So, don’t try to enter through the gate by yourself.

You might not be able to tell so well from the English, because the word sheep in English can be either singular or plural. But in Greek, everywhere we see it today it’s plural! Always and everywhere the sheep enter and exit through the gate together.

Do you know what happens when you try to enter or exit by yourself? The gate is shut and locked!

It’s not about just you and Jesus then. It’s about the community.

We live in a country that values freedom. And for that I am grateful!

But into the third millennium–and the third century of our country’s history–freedom has become less and less about the common good and more and more about the individual. We want our individual freedoms! We want our individual rights! We demand our right to bear arms! We don’t want others to tell us what we can do with our bodies!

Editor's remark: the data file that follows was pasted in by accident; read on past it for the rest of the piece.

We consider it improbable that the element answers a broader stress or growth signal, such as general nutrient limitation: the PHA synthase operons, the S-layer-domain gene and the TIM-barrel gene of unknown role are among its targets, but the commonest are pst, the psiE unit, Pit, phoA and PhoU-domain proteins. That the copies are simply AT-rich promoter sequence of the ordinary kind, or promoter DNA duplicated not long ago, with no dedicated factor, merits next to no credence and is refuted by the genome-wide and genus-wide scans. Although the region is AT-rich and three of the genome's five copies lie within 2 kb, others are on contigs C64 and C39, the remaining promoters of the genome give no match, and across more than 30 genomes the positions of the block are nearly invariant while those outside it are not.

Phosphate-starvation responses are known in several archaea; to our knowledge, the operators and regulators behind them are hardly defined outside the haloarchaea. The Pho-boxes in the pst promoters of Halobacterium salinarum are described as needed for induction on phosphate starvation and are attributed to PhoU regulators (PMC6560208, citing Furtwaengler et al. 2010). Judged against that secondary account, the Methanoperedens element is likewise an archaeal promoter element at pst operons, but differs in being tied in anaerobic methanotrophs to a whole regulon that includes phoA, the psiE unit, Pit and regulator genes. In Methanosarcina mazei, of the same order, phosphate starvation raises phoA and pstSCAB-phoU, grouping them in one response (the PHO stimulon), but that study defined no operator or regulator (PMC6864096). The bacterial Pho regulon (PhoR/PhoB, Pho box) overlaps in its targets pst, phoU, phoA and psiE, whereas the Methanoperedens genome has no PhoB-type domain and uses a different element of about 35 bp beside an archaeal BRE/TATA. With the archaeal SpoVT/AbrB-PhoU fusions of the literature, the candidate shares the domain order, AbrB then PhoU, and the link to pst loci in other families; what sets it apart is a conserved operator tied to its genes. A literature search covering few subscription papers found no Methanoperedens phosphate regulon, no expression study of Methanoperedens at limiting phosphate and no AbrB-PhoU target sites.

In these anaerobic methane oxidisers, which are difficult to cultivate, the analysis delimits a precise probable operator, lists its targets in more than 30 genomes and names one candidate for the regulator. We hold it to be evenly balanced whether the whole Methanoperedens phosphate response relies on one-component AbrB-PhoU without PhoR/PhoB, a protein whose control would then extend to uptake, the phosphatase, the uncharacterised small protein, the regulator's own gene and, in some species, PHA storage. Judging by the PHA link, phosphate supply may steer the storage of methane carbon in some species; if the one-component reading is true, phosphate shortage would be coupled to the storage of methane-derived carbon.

And just like our personal, individual freedoms, we want our personal, individual religion!

Ever see Talladega Nights? Very funny movie about NASCAR!

Well, there’s a scene in which the protagonist, Ricky Bobby, says grace before an evening meal. He starts out, “Dear Lord Baby Jesus . . .” and goes through a litany of thanksgiving for food and family and friends and money and Powerade, always addressing God as “Dear Baby Jesus,” until finally his wife can’t stand it any longer and speaks up:

“You keep praying to baby Jesus! Why don’t you pray to the grown-up Jesus?”

To which he answers, “I’m saying grace, so I’ll pray to the Jesus I want to pray to. When it’s your turn to say grace, you can pray to grown-up Jesus!”

When it comes to religion, we want our personal, individual freedoms!

But the Bible’s testimony throughout just doesn’t work that way.

In the beginning, God said, “It is not good for the man to be alone.”

God did not save one person, Moses, from Pharaoh’s hand of oppression; but a whole nation.